A week into the $50 million defamation trial between Johnny Depp and Amber Heard, the marquee player is about to take the stand.
Depp will testify on his own behalf Tuesday in the exceedingly high-profile case that is taking place in Virginia’s Fairfax County Courthouse, we’ve learned. If all goes to plan, the ex-Pirates of the Caribbean star will take the oath and the stand in front of a seven-person jury, Heard, a platoon of lawyers, the cameras and Judge Penney S. Azcarate during the later part of the morning
Depp will continue on the stand Wednesday for cross-examination, a source close to the actor’s team says.
Depp’s longtime pal and sound technician Keenan Wyatt is also expected to testify Tuesday for the Oscar nominee’s side.
Once the much delayed trial was finally given a start date last year, Depp and ex-wife and Aquaman star Heard were always assumed to be testifying in the bitter multimillion-dollar matter, but it is a surprise that the actor is going so early in what is planned as a five-week trial.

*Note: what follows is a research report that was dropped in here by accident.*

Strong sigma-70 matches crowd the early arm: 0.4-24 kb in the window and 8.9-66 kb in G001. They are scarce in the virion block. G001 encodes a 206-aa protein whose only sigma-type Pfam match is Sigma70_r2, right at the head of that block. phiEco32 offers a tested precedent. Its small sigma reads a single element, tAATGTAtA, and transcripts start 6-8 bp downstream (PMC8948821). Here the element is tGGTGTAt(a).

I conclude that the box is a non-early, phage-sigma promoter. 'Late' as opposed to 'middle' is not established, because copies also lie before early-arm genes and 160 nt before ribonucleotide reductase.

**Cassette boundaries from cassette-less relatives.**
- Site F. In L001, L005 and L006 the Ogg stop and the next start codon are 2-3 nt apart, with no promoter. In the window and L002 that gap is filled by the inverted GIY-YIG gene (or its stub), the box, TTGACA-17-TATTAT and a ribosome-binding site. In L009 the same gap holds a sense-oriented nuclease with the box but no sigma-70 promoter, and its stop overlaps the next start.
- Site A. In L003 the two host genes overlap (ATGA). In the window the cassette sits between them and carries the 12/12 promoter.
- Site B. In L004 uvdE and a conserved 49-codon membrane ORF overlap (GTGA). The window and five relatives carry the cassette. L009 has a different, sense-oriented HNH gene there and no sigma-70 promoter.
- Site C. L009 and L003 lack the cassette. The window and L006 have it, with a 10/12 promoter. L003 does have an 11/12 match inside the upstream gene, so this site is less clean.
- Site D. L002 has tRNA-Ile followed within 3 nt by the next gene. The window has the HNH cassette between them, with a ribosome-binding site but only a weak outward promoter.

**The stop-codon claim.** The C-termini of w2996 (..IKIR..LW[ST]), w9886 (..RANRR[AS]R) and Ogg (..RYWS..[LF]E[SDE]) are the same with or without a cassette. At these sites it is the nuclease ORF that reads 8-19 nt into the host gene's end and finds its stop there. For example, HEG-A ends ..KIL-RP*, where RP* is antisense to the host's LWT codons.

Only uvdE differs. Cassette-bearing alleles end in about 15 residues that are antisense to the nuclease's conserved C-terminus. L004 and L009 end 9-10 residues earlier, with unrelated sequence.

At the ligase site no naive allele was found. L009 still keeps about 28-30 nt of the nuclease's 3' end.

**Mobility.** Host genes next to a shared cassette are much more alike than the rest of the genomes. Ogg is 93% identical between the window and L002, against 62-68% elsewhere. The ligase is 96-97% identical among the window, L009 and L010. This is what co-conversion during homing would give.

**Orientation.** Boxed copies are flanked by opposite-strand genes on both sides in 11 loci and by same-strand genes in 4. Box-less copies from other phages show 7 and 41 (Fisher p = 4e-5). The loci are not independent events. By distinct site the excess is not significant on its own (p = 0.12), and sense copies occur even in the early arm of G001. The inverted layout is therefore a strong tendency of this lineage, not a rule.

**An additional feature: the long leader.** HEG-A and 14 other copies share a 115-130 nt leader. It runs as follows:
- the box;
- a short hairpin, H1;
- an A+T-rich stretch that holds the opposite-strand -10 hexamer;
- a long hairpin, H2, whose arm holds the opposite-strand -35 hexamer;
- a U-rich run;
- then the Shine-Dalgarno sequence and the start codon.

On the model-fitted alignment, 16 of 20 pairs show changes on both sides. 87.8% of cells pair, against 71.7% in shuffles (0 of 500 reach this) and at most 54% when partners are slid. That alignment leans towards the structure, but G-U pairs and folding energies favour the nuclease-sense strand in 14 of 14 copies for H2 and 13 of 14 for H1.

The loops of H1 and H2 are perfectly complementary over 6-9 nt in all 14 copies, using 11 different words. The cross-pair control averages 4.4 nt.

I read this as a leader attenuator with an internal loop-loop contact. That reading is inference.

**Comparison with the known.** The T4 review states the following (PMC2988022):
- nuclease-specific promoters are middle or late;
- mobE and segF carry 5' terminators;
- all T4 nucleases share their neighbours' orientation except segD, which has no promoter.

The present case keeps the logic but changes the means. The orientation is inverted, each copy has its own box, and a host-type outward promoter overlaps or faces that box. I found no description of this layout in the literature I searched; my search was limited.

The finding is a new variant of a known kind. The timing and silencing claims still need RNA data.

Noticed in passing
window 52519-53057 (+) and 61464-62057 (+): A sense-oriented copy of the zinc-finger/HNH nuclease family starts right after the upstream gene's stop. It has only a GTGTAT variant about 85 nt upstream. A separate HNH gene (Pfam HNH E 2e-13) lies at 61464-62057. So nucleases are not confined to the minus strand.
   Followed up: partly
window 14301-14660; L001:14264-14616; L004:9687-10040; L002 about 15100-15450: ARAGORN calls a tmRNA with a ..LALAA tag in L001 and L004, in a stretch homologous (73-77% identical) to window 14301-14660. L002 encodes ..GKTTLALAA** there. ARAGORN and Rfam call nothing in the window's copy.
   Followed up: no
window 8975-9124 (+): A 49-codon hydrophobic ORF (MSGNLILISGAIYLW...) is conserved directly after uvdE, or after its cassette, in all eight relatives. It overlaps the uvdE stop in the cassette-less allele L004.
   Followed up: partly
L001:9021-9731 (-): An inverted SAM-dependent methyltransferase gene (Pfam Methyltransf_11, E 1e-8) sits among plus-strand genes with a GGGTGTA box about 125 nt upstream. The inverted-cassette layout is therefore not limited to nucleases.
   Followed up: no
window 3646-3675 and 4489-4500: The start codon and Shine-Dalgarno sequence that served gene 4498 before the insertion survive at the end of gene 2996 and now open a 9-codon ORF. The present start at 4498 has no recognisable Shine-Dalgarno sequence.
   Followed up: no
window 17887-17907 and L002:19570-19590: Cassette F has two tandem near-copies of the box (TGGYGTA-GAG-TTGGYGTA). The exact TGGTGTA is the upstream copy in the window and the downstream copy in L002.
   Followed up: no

Awaiting the outcome of the case presented by Depp’s Brown Ruddick LLP attorneys Camille Vasquez, Ben Chew and Jessica Meyers, Heard’s testimony has not be given a date yet. Kicking off on April 11 and running Monday to Thursday in the Washington, D.C.-adjacent jurisdiction, the trial will go dark from May 9-12 as Azcarate will be attending a previously scheduled judicial conference.
The already harsh and often explicit court clash between Depp and Heard, who divorced in 2016 amidst restraining orders and competing media narratives, started when the actor sued his Rum Diary co-star in March 2019 in Virginia for a late 2018 Washington Post op-ed about domestic abuse and the potential fallout for victims. The Heard-penned article never actually mentioned Depp by name, but in his subsequent filing the Fear and Loathing in Las Vegas actor declared the piece cost him lucrative roles and “devastated” his career.
Since then, as the two have engaged in the legal equivalent of trench warfare, Heard has tried repeatedly and unsuccessfully to have the case thrown out or moved to California. Failing that, she countersued her former husband for $100 million in the summer of 2020.
(Excerpt) Read more in: Deadline